In two weeks, two KEM students contract dengue

Published: 24 October, 2013 07:02 IST | Anuradha Varanasi |

Doctors at the hospital say 2 cases are confirmed while another 2 are suspected; experts blame prolonged monsoon, erratic weather for spate

After claiming the lives of 12 till date this year and affecting another 660 people, two final year medical students of KEM Hospital, Parel have contracted dengue, while two others are suspected to have the deadly disease. 

Project x-terminator: Fearing the surge in the number of dengue cases this year, civic authorities have carried out extensive fogging across the city to prevent the spread of dengue. File Pic

A doctor from the civic hospital said that in the last 15 days itself, four undergraduate students started showing symptoms such as fever, chills and rashes. “All four are females and while two of them have been diagnosed with dengue, the other two are suspected cases. The two suspected ones are outstation students and have left for home,” said a doctor from the hospital.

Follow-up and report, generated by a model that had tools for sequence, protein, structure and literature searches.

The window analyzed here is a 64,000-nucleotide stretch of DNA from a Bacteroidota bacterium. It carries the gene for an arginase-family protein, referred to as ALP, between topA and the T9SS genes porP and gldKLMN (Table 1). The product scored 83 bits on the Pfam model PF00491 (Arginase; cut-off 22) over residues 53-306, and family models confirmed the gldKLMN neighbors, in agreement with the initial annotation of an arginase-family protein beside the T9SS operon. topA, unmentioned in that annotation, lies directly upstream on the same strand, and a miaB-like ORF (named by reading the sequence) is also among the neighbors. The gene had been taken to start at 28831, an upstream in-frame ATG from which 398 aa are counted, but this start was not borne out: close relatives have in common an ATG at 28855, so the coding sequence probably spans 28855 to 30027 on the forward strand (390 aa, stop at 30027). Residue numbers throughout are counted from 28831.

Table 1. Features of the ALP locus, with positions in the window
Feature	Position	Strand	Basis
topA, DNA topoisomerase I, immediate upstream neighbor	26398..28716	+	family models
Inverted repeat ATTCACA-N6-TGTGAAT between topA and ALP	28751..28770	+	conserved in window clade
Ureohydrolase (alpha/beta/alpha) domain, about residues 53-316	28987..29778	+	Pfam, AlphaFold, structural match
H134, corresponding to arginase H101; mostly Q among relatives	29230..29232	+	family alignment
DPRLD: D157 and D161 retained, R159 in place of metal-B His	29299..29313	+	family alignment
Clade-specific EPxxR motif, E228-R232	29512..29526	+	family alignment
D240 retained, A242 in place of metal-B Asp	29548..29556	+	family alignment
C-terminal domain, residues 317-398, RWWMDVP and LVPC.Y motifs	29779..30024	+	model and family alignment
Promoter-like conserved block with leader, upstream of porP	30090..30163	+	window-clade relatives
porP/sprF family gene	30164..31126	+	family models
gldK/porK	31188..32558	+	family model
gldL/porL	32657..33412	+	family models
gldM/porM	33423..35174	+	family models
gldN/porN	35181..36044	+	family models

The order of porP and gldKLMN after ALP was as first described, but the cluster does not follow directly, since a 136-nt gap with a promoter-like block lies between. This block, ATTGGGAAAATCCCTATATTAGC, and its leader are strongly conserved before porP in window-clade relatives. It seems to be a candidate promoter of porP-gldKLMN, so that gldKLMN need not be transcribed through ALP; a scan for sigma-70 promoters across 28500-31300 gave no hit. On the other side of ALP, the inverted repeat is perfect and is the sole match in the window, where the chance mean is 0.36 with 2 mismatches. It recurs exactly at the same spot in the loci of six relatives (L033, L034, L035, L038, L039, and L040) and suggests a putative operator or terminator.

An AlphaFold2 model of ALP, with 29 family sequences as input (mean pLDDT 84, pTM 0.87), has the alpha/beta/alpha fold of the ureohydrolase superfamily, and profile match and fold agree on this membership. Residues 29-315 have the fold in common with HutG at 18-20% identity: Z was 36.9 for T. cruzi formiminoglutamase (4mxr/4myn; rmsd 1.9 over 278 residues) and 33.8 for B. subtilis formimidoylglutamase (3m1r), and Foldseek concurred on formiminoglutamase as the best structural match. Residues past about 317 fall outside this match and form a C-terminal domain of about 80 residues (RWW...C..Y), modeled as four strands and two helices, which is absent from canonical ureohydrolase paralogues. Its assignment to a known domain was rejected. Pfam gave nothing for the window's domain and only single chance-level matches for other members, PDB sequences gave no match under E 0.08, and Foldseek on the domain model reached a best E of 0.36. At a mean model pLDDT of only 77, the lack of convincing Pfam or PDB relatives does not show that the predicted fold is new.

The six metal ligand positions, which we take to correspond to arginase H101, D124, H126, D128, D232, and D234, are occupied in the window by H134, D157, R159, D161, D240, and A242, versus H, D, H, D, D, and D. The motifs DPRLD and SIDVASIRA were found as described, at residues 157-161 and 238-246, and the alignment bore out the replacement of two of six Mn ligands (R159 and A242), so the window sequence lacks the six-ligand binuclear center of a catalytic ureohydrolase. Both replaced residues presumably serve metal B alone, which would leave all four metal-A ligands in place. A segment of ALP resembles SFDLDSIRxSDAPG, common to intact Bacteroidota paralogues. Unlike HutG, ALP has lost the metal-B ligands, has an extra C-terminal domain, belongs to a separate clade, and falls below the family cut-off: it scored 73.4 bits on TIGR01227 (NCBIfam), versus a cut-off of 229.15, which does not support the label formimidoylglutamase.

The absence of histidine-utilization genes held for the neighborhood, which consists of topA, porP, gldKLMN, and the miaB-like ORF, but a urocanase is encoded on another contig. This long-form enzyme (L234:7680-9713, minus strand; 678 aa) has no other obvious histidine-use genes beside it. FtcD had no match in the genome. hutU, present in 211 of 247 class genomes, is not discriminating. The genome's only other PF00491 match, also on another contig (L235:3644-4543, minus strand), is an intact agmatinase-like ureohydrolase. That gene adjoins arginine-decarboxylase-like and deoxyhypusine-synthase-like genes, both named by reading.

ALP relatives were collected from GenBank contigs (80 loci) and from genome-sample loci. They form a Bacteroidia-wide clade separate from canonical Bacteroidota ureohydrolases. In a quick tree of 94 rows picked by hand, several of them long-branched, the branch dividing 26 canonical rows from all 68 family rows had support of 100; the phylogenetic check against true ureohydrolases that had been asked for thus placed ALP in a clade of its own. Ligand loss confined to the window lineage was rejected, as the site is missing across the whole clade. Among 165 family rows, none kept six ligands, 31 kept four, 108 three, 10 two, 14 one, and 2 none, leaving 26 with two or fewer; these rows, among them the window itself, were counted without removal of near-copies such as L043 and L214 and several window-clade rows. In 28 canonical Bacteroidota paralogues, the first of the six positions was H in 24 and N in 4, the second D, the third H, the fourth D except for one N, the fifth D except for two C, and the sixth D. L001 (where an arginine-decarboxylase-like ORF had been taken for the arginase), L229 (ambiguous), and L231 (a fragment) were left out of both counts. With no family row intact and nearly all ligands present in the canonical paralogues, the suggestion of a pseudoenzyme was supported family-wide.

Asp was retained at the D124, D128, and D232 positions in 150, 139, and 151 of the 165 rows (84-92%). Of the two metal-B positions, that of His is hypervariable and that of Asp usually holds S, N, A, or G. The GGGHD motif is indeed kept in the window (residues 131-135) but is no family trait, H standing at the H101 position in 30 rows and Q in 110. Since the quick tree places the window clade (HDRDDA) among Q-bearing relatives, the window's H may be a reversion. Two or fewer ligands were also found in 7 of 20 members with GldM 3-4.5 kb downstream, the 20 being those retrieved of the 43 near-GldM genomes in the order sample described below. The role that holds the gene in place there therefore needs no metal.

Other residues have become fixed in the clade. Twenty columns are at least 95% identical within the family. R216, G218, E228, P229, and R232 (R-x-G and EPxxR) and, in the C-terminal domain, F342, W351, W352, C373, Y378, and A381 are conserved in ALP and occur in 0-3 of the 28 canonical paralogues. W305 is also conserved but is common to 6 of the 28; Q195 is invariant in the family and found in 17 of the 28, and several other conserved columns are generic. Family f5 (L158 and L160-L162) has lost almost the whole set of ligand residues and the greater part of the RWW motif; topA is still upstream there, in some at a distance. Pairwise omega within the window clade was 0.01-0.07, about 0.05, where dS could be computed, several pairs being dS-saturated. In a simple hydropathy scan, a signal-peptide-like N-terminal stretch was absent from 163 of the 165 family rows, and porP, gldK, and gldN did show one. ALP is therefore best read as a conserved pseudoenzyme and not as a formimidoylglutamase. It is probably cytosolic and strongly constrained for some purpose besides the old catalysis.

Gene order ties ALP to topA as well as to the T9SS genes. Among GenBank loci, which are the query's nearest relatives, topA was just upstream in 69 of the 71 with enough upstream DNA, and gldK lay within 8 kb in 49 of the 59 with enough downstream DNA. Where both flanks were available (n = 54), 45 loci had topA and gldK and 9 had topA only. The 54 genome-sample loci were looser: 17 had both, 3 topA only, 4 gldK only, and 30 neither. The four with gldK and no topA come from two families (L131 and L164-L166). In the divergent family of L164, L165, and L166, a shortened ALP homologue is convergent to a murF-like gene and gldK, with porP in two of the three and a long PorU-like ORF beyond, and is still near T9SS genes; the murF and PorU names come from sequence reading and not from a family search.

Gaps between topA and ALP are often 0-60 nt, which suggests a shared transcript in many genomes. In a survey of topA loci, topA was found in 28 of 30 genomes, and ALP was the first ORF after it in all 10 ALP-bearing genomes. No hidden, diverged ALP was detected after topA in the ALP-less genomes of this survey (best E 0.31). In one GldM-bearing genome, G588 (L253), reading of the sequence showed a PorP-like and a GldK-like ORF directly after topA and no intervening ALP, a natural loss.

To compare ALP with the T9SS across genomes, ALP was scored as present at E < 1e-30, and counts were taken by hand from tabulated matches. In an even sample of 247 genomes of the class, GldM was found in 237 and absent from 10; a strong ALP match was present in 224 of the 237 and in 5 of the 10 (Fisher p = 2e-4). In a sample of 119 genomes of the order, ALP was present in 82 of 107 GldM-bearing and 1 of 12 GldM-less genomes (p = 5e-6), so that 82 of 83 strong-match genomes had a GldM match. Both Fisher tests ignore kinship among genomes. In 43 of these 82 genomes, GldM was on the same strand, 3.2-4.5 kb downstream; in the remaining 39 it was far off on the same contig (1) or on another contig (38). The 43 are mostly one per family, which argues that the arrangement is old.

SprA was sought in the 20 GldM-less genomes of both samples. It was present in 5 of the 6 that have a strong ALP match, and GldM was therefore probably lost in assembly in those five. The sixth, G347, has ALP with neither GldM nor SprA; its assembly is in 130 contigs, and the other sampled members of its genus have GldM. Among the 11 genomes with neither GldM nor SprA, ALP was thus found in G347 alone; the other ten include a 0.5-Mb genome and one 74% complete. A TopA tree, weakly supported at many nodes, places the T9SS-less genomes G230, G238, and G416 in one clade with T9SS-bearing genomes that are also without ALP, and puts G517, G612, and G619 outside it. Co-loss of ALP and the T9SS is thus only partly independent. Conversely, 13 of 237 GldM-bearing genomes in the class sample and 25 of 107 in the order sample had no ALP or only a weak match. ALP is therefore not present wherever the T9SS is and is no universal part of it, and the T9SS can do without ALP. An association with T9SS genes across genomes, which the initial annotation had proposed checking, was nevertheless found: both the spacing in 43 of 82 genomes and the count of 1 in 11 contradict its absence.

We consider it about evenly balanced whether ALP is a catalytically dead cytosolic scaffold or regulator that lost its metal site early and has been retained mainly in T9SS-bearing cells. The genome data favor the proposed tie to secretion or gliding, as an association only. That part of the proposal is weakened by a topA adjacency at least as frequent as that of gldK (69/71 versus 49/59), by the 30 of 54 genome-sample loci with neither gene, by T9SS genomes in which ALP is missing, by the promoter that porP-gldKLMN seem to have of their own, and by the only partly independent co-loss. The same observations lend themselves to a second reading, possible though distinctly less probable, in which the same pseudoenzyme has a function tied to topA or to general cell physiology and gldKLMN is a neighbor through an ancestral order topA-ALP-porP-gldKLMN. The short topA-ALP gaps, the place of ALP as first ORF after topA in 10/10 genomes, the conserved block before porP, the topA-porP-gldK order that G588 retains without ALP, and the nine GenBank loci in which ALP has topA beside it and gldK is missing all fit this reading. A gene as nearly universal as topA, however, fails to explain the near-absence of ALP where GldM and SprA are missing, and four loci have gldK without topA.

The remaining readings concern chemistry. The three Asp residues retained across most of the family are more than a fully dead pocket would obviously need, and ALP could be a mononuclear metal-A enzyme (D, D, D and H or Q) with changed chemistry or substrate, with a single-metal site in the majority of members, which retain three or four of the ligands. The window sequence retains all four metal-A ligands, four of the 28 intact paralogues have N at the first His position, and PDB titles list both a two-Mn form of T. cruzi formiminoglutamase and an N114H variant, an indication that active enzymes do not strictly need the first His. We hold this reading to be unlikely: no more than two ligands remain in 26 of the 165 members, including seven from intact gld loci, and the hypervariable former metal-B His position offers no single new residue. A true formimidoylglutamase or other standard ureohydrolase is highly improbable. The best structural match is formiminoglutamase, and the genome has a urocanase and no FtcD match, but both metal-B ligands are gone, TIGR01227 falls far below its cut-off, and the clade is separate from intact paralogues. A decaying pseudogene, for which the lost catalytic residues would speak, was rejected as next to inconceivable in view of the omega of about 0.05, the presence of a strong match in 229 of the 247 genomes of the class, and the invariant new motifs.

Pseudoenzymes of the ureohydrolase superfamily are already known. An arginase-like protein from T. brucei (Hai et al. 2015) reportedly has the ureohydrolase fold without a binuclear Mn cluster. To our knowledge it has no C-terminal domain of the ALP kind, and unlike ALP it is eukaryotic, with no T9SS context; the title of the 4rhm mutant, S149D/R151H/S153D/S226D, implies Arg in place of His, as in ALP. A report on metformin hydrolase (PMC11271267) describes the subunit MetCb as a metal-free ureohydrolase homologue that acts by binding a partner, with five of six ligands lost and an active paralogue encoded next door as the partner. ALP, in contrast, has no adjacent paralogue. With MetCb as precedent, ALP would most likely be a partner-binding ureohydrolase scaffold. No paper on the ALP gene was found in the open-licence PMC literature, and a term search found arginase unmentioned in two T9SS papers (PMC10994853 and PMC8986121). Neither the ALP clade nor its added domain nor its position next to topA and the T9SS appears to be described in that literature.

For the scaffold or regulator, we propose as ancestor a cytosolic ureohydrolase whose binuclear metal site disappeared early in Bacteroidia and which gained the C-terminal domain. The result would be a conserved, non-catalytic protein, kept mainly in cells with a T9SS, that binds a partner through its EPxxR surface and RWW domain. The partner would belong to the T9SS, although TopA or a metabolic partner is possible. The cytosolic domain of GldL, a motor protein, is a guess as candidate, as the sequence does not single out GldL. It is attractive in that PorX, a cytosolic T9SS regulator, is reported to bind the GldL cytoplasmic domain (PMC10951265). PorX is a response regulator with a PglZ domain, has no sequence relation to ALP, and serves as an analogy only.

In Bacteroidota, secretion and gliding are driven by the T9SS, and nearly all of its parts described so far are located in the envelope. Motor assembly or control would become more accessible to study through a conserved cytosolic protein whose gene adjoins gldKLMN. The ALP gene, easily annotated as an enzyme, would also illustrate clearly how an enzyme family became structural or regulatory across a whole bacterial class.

Sources added that the students stayed at hostels at Haffkine Institute in Parel, which is close to KEM Hospital. Medical experts attributed the high number of cases this year to the protracted monsoon coupled with unpredictable weather conditions. One doctor said that because of the climate, another KEM student was diagnosed with typhoid earlier this month, but his condition was stable after treatment.

Dengue among infants on the rise
Paediatricians in the city are shocked to see infants as young as 3-months-old suffering from dengue. Dr Mukesh Agarwal, head of paediatrics department at KEM Hospital, said, “Dengue is known to mainly affect adults and children above the age of three. This is the first time that infants have also been affected. In the month of October itself, we treated three infants, the youngest one was three-months-old.” This month, the civic-run hospital has treated two infants, one of whom was six-months-old and the other 10-months-old. All three infants were suffering from thrombocytopenia -- an extremely low platelet count -- which is one of the many symptoms of the vector-borne disease. “A six-month-old from Mankhurd was discharged from the hospital on Tuesday after he underwent treatment for dengue over the last one week. His platelet count was as low as 60,000,” he added.

Dengue shock
Dengue shock syndrome -- which occurs due to dengue virus and affects children under 10 -- is potentially fatal. Surveys suggest that kids above 5 years are more at risk of contracting it.

Rising factor

Number of dengue cases reported this year

Number of dengue deaths this year

Number of dengue cases in the month of August  

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